Multiple Sclerosis and Neuroimmunology Research

We are deeply committed to clinical and laboratory research. As a world leader, we are engaged in numerous clinical trials investigating the effect of various new treatments targeting not only the disease process but also its symptomatology. Our research team has conducted more than 70 clinical trials, with more than 20 active clinical trials, including multicenter and investigator-initiated trials at any given time.

An important part of our clinical research is our image- processing and OCT laboratories; one of the few in the country. Following the tradition established by our late Chair and director, Dr. Khan, our research focuses on the use of novel technology to better understand the demyelinating pathology and promote new therapeutic approaches. Our goal is to achieve neuro repair and neuroprotection, minimize the disabling effect of the disease and contribute to a better quality of life for our patients (neuroimaging/OCT page).

Our laboratory research is very active.  In the laboratories of Robert Lisak, MD and Joyce Benjamins, PhD and  Paula Dore-Duffy, PhD, pioneering research about human immunology is ongoing. Using animal models and tissue cultures, the investigators study the interactions between different immune mediators and the central nervous system, lymphocyte subsets, and the physiology of  blood brain barrier (basic research page).

Our research has been funded by the National Institute of Health, National MS Society, the Sastry Family Foundation and pharmaceutical companies.

Clinical Trials

We participate in a number of clinical trials including:


A 3-Arm, Multicenter, Double-Blind, Placebo-Controlled, Randomized Study to Assess the Efficacy and Safety of ADS-5102 Amantadine Extended Release Capsules in Multiple Sclerosis Patients with Walking Impairment (currently enrolling)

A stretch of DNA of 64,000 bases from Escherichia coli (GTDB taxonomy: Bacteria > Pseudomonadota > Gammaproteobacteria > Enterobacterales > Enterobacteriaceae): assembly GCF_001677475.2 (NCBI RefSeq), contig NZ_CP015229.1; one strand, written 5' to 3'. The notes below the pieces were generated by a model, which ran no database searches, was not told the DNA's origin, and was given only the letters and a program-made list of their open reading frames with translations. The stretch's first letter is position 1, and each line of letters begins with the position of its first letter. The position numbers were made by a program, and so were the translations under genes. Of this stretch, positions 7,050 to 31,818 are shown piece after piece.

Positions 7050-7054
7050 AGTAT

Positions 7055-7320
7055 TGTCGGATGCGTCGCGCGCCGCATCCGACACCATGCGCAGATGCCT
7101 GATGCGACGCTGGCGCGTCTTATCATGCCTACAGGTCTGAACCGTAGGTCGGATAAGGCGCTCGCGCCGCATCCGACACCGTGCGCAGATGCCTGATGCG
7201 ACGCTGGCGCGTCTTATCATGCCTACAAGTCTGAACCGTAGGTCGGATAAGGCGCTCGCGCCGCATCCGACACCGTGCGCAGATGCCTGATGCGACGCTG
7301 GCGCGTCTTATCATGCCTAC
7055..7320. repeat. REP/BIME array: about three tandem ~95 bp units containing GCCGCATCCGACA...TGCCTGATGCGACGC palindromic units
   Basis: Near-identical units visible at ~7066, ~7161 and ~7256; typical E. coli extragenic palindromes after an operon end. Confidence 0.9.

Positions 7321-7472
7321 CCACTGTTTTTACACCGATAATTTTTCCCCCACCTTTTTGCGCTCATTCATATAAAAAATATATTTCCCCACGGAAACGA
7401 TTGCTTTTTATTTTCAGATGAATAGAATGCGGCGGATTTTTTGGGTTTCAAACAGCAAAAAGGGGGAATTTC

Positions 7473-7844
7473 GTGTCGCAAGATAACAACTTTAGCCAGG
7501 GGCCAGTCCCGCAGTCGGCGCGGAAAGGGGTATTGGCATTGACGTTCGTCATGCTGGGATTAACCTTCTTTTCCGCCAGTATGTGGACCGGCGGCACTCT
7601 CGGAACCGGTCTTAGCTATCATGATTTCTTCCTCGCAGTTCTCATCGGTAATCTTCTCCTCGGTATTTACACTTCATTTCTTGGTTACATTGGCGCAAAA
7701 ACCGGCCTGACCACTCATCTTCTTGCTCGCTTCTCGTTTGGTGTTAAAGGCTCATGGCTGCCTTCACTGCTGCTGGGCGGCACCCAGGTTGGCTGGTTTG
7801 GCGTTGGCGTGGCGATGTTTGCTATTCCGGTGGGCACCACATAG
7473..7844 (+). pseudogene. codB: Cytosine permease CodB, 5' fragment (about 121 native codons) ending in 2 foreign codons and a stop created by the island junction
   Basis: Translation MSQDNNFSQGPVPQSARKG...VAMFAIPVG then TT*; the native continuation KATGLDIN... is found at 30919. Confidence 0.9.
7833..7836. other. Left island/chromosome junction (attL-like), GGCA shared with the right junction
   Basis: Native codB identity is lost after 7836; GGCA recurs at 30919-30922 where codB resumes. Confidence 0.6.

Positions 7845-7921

ADAMAS II (open label)

A Multicenter, Open-Label Safety and Efficacy Study of ADS-5102 Amantadine Extended Release Capsules in Patients with Multiple Sclerosis and Walking Impairment (currently enrolling)


Effect of MD1003 in progressive multiple sclerosis: a randomized double blind placebo controlled study. MD1003CT2016-01MS-SPI2


Title of Study: A randomized, double-blind, double-dummy, parallel-group study comparing the efficacy and safety of ofatumumab versus teriflunomide in patients with relapsing multiple sclerosis COMB157G2301


A Multicenter, Randomized, Double Blind, Placebo Controlled Parallel Group, Pilot Study to Assess the Efficacy and Safety of H.P. Acthar® Gel in Subjects with Relapsing-remitting Multiple Sclerosis Protocol Number: MNK14274069 (currently enrolling)


Phase 3: Ublituximab in MS treatment effects. TG1101-RMS 301

Role: Principal Investigator


A multicenter, randomized, double- blind, placebo-controlled, phase 3 study to evaluate the efficacy and safety of SA237 as monotherapy in patients with neuromyelitis optica (NMO) and Neuromyelitis Optica spectrum disorder (NMOSD).


An Open-Label Study to Evaluate the Effectiveness and Safety of Ocrelizumab in Patient with Relapsing Remitting Multiple Sclerosis Who Have Had a Suboptimal Response to an Adequate Course of Disease-Modifying Treatment MN30035